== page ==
At their spring European Council last March, EU Heads of State and Government pledged that the EU would reduce its emissions in the order of 30% below 1990 levels by 2020 provided that other developed countries agreed to make similar efforts. The EU leaders committed the EU to cutting its emissions by at least 20% over the same period in any case, and endorsed the package of climate and energy measures put forward by the Commission last January as the basis for achieving this goal.
The latest projections show that to reach these targets for 2020, the EU will have to put emissions on a much steeper reduction path after 2012. This underlines the need for the EU and Member States to put in place the policies and measures set out in the climate and energy package as soon as possible. The Commission intends to propose a number of key measures in early 2008.
Projected emissions in 2010 compared with base year
1) Under the Kyoto Protocol, the 15 Member States (marked with *) that made up the EU until its enlargement to 27 Member States have to reduce their collective greenhouse gas emissions by 8% below 1990 levels during 2008-2012. This target is shared among the 15 Member States under a legally binding agreement (Council Decision 2002/358/EC of 25 April 2002). Most of the 12 new Member States have individual targets under the Kyoto Protocol. The exceptions are Cyprus and Malta, which have no targets.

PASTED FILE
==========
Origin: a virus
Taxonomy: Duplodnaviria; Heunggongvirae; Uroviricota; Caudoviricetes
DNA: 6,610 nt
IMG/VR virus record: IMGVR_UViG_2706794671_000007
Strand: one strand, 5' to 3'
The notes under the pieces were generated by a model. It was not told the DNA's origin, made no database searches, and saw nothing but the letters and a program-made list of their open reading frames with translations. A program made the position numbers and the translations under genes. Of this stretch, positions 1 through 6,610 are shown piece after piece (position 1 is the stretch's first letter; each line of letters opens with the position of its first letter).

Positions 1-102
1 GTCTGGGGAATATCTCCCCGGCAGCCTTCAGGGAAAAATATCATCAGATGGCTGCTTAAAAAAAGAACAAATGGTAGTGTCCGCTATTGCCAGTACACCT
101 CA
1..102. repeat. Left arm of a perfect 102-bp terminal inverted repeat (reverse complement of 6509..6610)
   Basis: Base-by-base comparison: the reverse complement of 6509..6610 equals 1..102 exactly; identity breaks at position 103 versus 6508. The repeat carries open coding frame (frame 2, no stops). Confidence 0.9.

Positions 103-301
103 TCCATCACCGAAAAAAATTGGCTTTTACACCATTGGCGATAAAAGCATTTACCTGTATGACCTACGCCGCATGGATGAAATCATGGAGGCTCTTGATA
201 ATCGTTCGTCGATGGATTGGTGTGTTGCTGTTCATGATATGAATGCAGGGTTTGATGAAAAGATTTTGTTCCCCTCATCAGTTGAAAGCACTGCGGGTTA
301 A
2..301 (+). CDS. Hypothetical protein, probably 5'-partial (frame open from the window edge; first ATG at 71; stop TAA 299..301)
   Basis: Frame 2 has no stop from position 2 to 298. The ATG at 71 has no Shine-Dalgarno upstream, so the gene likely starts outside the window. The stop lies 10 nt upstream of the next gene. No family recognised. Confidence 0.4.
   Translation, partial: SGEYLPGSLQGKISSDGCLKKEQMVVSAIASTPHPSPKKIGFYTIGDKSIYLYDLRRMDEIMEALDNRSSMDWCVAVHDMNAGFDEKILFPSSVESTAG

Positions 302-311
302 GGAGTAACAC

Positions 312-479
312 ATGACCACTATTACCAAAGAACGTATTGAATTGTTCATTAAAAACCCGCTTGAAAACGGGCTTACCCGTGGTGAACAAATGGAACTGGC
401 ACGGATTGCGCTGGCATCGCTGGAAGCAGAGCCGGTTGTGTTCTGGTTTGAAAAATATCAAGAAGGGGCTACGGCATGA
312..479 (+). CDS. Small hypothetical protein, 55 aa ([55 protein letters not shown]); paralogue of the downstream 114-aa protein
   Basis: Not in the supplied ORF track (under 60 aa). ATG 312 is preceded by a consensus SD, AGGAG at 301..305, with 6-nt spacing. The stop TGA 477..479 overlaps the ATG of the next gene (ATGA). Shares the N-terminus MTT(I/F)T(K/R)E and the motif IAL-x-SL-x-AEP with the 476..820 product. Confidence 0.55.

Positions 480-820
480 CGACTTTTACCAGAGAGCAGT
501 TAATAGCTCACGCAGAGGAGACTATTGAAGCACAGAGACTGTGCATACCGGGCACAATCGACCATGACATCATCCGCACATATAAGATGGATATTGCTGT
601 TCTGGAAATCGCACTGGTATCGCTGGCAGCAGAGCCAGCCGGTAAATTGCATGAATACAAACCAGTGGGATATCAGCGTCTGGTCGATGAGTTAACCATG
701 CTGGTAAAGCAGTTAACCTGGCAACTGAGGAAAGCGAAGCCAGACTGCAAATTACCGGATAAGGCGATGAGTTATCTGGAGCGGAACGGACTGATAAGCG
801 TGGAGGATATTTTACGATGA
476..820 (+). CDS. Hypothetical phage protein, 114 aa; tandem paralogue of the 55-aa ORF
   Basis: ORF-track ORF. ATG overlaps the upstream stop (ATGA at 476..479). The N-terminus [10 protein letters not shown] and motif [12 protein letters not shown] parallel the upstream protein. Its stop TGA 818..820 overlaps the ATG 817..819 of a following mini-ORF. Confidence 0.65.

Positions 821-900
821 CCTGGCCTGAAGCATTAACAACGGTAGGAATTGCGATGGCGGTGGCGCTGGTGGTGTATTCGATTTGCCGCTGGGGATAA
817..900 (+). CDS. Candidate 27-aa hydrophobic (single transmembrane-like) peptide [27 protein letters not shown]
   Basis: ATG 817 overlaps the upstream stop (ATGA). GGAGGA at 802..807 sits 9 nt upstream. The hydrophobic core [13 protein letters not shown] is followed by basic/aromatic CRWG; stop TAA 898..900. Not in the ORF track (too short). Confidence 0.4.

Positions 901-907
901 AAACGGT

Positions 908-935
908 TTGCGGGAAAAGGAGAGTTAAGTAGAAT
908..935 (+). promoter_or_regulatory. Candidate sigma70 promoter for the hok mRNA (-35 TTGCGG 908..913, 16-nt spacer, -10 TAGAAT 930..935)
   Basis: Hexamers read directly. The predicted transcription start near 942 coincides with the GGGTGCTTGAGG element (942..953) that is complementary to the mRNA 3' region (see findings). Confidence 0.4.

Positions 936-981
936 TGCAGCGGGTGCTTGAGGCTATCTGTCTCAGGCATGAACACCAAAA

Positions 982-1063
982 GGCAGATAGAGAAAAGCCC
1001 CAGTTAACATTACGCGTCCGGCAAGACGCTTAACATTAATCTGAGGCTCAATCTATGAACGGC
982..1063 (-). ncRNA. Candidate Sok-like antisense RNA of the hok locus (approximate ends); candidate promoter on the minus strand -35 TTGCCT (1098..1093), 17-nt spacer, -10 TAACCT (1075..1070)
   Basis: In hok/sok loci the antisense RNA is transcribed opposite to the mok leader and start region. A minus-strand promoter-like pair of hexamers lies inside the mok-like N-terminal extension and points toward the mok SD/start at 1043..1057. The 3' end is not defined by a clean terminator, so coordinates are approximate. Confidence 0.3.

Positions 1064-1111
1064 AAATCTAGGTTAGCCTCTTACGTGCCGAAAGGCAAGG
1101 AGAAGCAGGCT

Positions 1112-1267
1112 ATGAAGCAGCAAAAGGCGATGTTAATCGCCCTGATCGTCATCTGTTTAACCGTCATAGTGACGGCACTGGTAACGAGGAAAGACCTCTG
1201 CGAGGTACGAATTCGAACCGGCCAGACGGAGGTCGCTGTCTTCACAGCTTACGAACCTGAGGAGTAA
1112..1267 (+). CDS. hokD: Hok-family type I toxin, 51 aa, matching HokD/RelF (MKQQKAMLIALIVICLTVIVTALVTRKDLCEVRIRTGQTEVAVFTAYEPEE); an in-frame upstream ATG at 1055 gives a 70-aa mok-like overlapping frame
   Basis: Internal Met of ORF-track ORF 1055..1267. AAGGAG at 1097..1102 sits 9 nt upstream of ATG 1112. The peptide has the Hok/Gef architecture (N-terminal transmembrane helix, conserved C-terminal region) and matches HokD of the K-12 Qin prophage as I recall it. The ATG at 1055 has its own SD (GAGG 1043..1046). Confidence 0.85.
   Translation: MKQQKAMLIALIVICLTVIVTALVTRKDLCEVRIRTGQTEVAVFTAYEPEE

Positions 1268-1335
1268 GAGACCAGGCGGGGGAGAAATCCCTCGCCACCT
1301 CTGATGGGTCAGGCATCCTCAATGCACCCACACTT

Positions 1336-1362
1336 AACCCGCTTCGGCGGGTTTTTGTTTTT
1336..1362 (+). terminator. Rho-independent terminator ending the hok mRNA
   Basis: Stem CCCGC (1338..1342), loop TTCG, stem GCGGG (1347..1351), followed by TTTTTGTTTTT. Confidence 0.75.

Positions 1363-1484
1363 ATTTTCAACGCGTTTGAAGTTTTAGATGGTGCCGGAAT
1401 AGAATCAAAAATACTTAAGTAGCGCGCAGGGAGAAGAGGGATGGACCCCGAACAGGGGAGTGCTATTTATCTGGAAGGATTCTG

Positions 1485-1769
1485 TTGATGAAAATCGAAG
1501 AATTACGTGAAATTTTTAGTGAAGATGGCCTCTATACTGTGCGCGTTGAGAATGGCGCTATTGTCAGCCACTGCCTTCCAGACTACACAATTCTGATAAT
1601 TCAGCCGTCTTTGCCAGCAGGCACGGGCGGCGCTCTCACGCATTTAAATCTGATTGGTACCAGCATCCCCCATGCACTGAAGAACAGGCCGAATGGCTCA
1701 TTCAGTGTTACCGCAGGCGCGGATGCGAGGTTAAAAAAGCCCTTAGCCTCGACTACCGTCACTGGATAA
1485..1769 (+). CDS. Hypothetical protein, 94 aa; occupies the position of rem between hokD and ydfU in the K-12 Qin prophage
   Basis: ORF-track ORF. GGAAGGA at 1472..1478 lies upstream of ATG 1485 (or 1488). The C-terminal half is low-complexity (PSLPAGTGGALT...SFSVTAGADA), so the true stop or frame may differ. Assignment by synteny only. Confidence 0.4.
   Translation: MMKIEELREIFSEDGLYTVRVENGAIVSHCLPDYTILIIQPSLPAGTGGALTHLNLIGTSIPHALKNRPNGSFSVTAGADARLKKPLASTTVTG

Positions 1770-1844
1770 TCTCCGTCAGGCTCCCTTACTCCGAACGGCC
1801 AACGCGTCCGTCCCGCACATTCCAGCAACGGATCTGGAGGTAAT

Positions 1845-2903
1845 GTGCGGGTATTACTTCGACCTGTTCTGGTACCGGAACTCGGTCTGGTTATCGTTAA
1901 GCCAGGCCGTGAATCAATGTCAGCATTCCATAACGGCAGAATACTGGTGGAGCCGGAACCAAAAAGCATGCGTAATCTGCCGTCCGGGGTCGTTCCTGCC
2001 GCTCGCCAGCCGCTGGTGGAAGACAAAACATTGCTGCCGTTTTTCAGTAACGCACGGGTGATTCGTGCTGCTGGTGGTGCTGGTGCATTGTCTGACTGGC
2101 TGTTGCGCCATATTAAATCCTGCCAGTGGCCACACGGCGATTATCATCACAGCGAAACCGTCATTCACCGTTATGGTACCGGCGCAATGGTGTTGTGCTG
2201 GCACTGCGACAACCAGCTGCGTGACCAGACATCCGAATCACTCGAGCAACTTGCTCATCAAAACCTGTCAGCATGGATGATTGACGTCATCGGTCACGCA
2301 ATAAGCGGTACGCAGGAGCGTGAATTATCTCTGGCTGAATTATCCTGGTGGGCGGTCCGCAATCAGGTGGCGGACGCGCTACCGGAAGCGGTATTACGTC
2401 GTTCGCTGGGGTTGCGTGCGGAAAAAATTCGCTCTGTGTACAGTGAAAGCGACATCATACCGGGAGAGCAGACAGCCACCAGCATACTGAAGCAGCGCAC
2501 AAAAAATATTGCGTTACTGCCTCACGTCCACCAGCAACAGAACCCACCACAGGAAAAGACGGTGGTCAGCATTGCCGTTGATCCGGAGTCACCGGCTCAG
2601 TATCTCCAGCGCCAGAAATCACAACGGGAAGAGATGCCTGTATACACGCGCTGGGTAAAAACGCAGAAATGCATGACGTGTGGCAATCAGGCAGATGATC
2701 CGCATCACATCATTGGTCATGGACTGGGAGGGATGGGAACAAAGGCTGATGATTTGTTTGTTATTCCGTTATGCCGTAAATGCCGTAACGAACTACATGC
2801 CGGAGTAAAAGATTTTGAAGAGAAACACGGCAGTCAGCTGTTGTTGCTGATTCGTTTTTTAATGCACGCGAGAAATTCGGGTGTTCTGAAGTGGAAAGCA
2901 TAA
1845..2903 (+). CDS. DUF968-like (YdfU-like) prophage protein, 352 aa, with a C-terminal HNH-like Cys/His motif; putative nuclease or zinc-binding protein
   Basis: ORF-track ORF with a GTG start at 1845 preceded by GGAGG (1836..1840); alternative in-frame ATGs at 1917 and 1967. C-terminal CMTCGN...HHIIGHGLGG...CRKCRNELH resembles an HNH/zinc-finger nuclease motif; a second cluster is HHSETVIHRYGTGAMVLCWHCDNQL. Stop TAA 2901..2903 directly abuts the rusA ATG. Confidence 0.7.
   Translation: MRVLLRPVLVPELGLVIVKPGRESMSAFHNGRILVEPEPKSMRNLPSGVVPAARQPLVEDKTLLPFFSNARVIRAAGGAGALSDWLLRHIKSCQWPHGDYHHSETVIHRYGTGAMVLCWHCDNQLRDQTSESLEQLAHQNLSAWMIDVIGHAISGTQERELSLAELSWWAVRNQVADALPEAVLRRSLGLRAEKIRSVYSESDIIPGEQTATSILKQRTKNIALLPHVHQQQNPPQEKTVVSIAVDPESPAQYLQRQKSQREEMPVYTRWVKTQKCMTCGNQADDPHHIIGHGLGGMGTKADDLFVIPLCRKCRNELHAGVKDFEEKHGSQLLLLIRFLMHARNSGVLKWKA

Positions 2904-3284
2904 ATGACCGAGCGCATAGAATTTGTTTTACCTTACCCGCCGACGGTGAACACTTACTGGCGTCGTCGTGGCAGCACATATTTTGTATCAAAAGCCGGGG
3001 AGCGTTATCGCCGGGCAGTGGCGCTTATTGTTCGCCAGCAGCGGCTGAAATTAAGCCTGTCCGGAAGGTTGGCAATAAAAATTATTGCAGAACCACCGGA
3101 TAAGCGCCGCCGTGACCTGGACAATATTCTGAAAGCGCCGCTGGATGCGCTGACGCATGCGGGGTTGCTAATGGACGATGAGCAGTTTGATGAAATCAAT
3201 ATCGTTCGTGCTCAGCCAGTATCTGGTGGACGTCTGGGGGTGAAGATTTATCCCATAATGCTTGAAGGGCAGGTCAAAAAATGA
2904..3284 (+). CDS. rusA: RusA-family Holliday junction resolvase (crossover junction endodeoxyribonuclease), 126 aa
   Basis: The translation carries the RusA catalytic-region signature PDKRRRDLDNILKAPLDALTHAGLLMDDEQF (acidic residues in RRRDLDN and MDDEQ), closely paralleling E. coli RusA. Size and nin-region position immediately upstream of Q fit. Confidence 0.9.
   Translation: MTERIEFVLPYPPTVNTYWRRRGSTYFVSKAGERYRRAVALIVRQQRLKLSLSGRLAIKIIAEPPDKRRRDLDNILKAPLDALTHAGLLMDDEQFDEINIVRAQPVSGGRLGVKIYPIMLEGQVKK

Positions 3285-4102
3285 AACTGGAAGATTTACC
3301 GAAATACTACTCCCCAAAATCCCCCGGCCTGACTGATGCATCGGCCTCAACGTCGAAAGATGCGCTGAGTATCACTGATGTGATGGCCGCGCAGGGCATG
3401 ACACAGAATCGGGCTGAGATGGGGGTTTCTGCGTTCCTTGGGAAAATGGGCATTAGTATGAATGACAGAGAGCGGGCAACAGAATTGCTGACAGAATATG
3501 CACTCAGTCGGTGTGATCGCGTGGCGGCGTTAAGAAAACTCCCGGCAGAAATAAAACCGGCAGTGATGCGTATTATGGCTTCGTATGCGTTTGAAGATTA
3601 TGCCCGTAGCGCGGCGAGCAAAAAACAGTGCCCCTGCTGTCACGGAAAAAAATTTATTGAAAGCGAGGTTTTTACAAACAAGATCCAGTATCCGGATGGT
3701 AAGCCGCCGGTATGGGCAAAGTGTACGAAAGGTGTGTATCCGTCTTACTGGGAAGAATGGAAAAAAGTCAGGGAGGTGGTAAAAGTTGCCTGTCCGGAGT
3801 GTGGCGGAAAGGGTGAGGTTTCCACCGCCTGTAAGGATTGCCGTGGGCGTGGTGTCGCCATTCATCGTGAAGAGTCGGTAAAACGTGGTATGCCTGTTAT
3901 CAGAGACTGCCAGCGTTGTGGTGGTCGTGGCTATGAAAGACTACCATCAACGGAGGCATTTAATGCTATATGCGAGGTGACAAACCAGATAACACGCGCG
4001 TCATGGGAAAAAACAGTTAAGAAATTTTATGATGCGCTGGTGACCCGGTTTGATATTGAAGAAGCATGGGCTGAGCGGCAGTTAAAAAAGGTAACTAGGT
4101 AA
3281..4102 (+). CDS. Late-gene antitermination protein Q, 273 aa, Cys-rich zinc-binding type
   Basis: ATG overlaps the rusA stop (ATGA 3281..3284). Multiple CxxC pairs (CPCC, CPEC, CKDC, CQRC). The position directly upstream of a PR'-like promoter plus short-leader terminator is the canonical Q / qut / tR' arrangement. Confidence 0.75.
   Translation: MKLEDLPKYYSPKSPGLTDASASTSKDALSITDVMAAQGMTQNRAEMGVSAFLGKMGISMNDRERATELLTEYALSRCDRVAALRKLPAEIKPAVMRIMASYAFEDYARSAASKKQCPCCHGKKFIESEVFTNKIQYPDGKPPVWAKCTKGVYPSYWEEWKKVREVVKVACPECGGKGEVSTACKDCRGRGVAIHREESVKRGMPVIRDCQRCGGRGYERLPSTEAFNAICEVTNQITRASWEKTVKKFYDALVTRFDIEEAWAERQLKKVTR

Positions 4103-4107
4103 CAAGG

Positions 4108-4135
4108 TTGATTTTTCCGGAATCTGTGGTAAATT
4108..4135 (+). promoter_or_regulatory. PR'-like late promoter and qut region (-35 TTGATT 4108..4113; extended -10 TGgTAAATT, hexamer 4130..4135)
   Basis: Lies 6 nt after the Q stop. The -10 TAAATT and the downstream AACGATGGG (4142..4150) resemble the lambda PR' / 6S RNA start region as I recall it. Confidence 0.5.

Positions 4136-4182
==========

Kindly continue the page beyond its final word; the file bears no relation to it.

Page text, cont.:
2) Existing policies and measures are those for which one or more of the following applies: (a) national legislation is in force; (b) one or more voluntary agreements have been established; (c) financial resources have been allocated; (d) human resources have been mobilised; (e) an official government decision has been made and there is a clear commitment to proceed with implementation. Additional (planned) policies and measures are options under discussion with a realistic chance of being adopted and implemented in future.
3) For Member States not providing emission scenarios based on additional policies and measures, the overall projections are based on existing measures.
4) The figures for the Czech Republic, Finland, France, Ireland, the Netherlands, Spain, Sweden and the United Kingdom include their estimate of the effect of the EU ETS.